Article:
Accra, Aug. 6, GNA - Mr Kwadwo Baah-Wiredu, Minister of Education, Youth and Sports on Friday said the Government was commitment to the improvement of health services and stressed the importance of medical clinics as an important integral part of ensuring qualitative health delivery.
He said to this end, the Funds and Procurement Unit of the Ministry had been asked to assess the facilities at the College of Health Sciences of the University of Ghana so that they could upgraded to enable them to play their expected roles.
Mr Baah Wiredu said this when he undertook a surprise visit to the various units of the College to learn at first hand their operations and constraints they faced.
The College of Health Sciences is made up of the Medical School, Dental School, School of Allied Health Sciences, School of Public Health, School of Nursing and the Noguchi Memorial Institute for Medical Research.
The Minister said he would get in touch with the Ministry of Finance and Economic Planning and the Ghana Education Trust Fund (GETFund) to tackle the College's payroll problems as well the inadequate staffing situation.
Mr Baah-Wiredu commended the staff of the institutions for their dedication to duty and ensuring that the people had access to quality health care.
He said the Medical School needed to be developed and resourced to play its expected role of training more health personnel to cater for the health needs of the people.
The Minister called for collaboration among the various health sectors so that they could collectively play an integral role in efficient health delivery.
Prof. Clifford Tagoe, Dean of the Medical School, University of Ghana, said even though the Minister's visit was impromptu it had been fruitful since it afforded the him the opportunity to see for himself the new developments and efforts being put in place to improve health facilities.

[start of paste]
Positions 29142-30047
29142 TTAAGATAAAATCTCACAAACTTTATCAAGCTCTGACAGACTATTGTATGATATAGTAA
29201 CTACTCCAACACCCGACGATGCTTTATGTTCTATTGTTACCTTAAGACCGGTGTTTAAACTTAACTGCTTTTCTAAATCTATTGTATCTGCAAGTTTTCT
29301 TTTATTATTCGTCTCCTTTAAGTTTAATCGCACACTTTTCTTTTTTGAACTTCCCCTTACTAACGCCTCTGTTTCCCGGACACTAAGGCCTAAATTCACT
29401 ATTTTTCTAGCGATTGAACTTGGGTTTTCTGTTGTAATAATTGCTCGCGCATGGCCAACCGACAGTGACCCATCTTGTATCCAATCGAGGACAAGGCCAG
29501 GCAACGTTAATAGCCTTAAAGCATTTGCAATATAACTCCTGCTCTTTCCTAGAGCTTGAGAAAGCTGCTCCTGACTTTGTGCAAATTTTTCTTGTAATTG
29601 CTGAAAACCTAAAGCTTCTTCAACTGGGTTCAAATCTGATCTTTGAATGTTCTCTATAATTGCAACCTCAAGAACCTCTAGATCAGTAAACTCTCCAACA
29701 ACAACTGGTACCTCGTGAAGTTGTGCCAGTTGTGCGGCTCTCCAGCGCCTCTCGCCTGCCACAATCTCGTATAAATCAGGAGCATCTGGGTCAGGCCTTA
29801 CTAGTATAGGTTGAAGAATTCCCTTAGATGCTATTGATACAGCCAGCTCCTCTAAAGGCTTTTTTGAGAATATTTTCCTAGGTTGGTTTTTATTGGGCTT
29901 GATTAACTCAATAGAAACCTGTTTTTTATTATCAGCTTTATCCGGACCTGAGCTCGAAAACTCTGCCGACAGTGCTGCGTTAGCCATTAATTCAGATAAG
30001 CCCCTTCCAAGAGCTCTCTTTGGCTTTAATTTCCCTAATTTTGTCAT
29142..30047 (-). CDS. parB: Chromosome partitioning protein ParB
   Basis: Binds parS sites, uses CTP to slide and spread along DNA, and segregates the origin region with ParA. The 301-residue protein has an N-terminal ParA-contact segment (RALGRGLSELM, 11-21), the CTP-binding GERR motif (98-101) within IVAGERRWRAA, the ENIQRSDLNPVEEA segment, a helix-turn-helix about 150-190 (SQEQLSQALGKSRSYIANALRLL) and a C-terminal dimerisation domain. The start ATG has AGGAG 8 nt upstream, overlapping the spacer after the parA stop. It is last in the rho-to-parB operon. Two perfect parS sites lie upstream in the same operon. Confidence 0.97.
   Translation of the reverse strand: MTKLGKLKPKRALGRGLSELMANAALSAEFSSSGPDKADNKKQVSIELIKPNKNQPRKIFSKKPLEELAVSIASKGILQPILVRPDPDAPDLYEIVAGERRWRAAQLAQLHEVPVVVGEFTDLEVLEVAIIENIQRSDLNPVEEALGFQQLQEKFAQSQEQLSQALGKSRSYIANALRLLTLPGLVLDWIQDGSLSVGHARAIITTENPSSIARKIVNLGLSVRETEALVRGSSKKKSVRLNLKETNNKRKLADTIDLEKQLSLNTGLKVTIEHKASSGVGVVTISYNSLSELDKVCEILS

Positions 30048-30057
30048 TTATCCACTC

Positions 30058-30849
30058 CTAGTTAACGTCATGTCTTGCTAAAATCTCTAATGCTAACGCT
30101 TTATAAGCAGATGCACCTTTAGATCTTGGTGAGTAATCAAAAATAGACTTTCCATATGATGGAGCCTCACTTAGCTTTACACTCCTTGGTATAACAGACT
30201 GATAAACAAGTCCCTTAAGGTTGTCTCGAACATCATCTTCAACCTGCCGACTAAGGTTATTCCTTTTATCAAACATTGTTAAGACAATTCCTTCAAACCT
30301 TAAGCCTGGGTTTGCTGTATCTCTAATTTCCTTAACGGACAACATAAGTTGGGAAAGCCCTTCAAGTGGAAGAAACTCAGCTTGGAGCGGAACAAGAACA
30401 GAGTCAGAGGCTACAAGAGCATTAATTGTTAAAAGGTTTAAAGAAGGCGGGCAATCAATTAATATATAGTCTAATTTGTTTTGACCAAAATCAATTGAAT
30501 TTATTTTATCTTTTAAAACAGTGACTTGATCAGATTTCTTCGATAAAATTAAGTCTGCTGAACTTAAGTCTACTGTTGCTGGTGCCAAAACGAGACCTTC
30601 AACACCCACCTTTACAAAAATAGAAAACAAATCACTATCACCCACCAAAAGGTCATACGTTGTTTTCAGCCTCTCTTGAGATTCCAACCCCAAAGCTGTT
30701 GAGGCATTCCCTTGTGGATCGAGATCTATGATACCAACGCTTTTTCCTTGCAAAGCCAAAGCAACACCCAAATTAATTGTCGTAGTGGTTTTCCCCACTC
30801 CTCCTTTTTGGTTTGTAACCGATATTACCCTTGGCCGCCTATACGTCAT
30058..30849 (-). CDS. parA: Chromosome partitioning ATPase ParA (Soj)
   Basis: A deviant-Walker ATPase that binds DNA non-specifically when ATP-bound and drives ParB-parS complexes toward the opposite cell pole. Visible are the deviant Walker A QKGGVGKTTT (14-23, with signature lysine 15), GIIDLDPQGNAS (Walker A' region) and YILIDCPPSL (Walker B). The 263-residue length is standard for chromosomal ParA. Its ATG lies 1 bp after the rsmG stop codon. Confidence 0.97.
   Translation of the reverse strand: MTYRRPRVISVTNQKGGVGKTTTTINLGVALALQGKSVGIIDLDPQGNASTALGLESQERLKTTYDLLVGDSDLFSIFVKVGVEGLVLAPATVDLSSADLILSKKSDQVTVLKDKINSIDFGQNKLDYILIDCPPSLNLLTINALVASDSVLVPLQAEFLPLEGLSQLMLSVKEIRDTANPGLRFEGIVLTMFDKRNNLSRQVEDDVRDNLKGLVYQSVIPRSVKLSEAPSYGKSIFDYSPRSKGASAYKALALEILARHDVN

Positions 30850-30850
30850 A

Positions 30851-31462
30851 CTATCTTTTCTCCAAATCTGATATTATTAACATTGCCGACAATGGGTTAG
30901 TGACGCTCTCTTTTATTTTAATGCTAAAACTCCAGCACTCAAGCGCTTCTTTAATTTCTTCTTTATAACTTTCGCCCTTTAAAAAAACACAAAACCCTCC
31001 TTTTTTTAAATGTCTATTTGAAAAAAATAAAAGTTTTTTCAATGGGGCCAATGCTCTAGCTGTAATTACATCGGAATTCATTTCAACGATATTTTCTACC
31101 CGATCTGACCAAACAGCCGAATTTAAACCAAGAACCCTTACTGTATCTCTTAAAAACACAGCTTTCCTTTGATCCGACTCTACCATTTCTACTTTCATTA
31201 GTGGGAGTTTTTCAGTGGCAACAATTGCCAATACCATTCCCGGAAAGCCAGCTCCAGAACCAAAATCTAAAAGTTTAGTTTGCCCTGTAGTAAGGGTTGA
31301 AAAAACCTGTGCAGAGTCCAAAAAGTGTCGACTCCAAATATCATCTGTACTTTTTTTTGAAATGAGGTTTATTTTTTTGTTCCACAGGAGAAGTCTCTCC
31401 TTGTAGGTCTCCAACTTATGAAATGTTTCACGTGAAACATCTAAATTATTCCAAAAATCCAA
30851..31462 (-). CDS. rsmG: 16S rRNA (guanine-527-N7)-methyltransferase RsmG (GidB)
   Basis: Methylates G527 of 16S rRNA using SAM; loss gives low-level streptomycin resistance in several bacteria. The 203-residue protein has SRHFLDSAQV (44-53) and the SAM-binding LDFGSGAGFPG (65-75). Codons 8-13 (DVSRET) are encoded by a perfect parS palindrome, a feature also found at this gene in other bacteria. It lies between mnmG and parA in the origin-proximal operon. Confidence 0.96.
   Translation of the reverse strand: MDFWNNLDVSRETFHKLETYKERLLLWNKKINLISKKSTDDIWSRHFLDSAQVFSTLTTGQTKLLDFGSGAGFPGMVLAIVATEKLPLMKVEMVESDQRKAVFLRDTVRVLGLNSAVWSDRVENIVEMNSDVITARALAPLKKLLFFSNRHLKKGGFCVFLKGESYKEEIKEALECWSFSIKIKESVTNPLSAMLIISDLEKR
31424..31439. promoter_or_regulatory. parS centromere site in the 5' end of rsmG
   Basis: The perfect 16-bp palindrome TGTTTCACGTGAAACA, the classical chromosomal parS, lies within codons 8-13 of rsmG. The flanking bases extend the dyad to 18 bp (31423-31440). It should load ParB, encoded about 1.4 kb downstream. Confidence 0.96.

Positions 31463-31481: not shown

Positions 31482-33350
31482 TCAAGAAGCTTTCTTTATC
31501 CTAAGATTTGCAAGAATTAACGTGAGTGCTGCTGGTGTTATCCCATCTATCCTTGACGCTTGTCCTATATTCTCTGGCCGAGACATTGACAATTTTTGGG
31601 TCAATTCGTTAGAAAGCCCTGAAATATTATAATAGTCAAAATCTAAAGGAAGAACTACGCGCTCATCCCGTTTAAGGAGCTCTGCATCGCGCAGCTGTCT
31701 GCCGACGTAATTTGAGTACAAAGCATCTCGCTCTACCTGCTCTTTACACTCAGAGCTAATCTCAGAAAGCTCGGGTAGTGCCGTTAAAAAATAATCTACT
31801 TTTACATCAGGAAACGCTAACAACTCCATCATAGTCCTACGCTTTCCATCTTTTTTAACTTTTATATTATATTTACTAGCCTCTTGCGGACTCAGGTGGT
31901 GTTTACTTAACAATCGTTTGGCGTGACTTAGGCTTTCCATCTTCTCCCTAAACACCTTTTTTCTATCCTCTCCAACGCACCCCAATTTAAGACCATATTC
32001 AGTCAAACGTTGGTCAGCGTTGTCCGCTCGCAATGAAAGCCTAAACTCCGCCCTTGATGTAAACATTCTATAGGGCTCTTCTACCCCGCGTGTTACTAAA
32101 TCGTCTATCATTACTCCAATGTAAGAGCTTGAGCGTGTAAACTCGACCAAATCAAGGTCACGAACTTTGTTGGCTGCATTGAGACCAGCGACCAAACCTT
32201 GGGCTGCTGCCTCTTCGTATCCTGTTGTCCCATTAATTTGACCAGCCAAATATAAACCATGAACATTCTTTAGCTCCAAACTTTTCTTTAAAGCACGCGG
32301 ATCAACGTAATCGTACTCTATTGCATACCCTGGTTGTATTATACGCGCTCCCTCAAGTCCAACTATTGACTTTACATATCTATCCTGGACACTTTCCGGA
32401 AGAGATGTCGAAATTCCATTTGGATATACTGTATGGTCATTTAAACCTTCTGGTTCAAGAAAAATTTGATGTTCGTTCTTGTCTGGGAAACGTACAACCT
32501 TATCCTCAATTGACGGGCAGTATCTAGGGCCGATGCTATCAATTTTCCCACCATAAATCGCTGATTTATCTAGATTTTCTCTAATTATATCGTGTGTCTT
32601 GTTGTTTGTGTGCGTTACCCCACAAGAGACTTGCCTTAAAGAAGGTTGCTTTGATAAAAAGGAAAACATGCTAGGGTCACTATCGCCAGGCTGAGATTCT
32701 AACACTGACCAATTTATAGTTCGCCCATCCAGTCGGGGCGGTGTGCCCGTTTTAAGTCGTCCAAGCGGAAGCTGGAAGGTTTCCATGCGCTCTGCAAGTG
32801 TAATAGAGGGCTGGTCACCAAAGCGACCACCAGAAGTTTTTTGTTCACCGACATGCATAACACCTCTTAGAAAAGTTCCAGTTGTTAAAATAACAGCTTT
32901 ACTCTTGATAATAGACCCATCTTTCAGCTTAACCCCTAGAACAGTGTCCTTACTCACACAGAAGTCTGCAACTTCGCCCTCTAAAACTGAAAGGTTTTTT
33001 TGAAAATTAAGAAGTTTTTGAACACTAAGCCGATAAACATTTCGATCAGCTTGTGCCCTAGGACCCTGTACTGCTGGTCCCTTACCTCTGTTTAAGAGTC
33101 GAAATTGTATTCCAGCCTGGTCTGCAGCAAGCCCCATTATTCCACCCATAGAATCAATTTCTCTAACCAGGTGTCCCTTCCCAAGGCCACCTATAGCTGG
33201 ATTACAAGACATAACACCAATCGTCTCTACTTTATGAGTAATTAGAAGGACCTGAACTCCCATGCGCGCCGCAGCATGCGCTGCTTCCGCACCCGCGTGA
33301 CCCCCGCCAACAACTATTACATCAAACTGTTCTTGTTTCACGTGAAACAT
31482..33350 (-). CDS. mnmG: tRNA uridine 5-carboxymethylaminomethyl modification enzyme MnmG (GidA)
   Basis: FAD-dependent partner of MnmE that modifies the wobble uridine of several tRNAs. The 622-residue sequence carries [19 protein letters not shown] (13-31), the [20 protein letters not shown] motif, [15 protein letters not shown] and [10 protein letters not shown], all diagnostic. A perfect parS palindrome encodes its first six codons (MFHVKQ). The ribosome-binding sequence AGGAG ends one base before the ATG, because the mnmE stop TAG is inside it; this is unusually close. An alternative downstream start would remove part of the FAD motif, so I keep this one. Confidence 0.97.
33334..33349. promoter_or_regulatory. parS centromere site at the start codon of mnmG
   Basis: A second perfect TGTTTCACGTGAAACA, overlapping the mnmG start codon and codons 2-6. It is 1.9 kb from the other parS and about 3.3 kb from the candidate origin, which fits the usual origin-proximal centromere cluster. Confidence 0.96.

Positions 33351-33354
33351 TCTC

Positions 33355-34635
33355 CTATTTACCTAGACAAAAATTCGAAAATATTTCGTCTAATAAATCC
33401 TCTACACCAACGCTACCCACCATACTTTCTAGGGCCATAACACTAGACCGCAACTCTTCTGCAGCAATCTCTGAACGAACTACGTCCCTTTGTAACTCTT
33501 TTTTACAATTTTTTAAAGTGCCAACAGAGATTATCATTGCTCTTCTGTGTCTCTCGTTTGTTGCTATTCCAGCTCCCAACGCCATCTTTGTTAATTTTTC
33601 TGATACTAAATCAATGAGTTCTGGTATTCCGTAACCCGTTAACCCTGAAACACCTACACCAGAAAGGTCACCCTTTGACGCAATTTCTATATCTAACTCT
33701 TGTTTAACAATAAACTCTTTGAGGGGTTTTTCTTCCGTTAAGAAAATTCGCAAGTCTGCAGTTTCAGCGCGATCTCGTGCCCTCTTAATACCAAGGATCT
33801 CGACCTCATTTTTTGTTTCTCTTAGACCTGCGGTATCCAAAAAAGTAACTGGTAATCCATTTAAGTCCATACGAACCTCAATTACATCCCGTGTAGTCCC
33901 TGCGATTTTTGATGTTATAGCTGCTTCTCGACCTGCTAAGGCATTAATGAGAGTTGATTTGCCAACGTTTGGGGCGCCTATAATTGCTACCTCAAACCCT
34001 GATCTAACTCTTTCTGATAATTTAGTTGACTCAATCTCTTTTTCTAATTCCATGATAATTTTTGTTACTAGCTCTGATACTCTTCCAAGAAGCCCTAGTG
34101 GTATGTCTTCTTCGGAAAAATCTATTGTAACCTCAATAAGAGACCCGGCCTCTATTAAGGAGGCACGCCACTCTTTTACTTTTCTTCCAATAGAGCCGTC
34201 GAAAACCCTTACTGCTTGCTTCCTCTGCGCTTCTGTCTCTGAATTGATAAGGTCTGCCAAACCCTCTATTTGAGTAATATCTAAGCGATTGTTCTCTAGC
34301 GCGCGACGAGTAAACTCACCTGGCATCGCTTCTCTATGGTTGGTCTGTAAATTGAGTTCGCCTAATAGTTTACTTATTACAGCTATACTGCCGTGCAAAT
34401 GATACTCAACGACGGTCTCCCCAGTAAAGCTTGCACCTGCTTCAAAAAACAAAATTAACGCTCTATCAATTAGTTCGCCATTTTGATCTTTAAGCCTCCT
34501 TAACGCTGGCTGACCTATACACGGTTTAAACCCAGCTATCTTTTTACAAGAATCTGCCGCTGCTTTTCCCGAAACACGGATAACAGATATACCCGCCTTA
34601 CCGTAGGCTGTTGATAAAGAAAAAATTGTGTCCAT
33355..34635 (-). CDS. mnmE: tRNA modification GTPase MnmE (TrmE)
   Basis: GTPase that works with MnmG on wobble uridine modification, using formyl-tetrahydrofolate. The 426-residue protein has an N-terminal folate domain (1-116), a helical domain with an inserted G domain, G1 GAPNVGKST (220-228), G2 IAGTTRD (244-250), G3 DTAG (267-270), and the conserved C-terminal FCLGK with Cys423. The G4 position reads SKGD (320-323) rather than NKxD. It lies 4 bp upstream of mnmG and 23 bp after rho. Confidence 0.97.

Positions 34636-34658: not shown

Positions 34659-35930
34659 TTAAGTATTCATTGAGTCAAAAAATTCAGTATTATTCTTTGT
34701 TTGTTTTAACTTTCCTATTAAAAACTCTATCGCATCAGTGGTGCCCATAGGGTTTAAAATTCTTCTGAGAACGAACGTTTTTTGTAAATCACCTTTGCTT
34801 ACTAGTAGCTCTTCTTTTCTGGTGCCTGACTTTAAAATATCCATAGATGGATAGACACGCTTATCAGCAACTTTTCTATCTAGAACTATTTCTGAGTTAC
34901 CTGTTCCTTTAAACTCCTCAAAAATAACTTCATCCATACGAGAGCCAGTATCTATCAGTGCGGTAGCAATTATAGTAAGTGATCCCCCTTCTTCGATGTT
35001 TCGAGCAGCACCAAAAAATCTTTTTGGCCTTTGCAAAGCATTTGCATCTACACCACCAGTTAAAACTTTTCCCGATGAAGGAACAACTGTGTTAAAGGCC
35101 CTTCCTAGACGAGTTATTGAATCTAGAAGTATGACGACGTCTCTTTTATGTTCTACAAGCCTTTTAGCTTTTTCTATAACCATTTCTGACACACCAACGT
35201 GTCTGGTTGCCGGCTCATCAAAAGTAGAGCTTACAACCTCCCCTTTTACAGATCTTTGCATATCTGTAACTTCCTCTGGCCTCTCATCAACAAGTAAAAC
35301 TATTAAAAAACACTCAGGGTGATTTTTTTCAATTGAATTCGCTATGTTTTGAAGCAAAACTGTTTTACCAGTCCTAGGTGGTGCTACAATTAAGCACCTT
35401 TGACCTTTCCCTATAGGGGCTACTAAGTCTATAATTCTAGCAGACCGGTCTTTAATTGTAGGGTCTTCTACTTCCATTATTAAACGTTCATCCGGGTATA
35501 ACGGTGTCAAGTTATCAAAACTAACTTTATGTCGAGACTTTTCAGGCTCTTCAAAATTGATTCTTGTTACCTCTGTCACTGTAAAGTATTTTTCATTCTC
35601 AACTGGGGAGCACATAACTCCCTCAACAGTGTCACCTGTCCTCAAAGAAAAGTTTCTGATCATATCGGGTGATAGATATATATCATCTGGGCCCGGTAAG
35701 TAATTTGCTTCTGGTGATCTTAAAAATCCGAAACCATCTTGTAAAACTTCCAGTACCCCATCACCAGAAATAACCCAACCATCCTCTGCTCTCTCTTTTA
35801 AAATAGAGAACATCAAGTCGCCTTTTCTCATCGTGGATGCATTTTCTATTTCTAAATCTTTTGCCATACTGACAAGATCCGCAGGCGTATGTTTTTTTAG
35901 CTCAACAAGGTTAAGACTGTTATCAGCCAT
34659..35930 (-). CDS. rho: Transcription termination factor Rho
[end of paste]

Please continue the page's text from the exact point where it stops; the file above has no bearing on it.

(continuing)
He said expansion works including construction of hostels, lecture halls and supply of equipment were being undertaken and appealed for adequate support from the GETFund to ensure their completion.
Mr Victor O. Korda, Executive Secretary of the Medical School, who briefed the Minister and conducted him around the other Units at the Korle Bu Teaching Hospital, complained about inadequate funding, delay in the completion of projects, late release of subvention and inadequate staffing position.
He said at present the College's major internally generated revenue bases came from the mortuary and laboratory services as well as academic user fees.
The Medical School has a student population of 638 made up of 413 men and 225 women. The GETFund is putting up a four-storey hostel for the students.
Mr Korda said the Anatomy, Physiology, Pharmacology and Biochemistry Faculties lacked Lecturers. Some of the departments had only about two lecturers each instead of the optimum of six. They now rely on lecturers on contract to fill the gap.
Mr Frank Yeboah, College Registrar, conducted Mr Baah-Wiredu around the Central Library and said it had a leaking roof.
The Minister commended a group of eight past medial students in Saudi Arabia who have established the Ghana Medical School Overseas Library Fund (GHAMSOL) and presented the School with 15 computers to set up an Internet Caf=E9.
The Minister also visited the Dental School where Prof. Nii Otu Nartey, Dean, led him to inspect work on ongoing clinical wing of the School and a hostel being funded by the GETFund.